SINGAPORE – YOLO: You only Laneway once.
This was my mentality last December when I booked a flight to Singapore and bought tickets to my first ever outdoor music festival.
Admittedly, I am not a fan of crowds, hate feeling sticky and knew only three bands in the lineup (my iTunes playlist is a confused hodgepodge of Billboard Top 100 hits, the occasional Calvin Harris and some favorite indie acts that I happened to discover on Hype Machine while stuck in traffic along EDSA). But I figured it could be fun to discover some new artists and do something different.
I learned about Laneway two years ago after I heard Chairlift’s “Bruises” playing at furniture store Heima. I sent an email to the owners, asked if I could get their playlist, and was told that it was mostly from artists who performed at St. Jerome’s Laneway Festival in Singapore, which they attended that year. I found out it was an annual event originally from Australia that brings together the best new musical talent from around the world—hosting the likes of Feist, M83 and The xx.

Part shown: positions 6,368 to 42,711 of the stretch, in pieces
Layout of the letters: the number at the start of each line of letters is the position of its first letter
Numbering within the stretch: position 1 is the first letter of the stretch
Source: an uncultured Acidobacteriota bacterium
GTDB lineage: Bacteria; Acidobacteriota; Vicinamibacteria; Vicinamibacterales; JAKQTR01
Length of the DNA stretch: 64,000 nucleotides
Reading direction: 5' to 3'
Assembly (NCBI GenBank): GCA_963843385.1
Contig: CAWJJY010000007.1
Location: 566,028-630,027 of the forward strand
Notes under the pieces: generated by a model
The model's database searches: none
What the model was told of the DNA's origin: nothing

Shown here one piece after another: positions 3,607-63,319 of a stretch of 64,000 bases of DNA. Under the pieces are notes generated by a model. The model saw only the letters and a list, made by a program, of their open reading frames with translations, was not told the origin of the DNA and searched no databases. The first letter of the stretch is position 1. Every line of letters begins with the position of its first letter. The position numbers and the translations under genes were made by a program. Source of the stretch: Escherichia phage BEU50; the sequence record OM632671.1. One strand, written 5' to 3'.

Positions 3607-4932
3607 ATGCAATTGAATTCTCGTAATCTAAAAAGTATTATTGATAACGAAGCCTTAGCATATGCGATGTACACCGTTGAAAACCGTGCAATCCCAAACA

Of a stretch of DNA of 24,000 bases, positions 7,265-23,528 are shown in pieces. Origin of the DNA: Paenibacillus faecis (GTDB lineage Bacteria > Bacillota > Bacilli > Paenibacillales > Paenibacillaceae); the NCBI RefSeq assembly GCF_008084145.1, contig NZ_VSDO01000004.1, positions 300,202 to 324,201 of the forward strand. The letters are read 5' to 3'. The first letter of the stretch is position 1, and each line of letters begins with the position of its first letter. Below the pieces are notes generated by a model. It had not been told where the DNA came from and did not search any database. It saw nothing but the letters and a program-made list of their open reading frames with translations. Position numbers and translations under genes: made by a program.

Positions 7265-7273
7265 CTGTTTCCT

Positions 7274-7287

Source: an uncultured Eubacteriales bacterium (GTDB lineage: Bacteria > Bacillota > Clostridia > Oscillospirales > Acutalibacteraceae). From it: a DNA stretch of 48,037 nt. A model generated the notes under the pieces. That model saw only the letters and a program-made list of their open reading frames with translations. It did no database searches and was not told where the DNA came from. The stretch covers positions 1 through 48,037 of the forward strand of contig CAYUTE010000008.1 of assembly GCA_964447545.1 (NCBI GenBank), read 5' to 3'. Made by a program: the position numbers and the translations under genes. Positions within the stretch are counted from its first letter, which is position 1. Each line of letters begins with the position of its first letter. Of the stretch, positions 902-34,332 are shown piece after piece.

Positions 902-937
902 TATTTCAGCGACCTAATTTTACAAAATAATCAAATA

It was the closest thing to Coachella, and it was only 3 hours away.
So like a typical Millenial, I googled the dos and don’ts of festival attendance, though I also wish I didn’t follow some of them. Here’s my version:
1. Make sure you find out the schedule and set times prior to the event.
Research and plan your day. I was aware of the lineup, but I forgot to check back if a schedule had been released (which was apparently done two weeks before). The e-ticket indicated 11am, so I just assumed the festival would start at this time.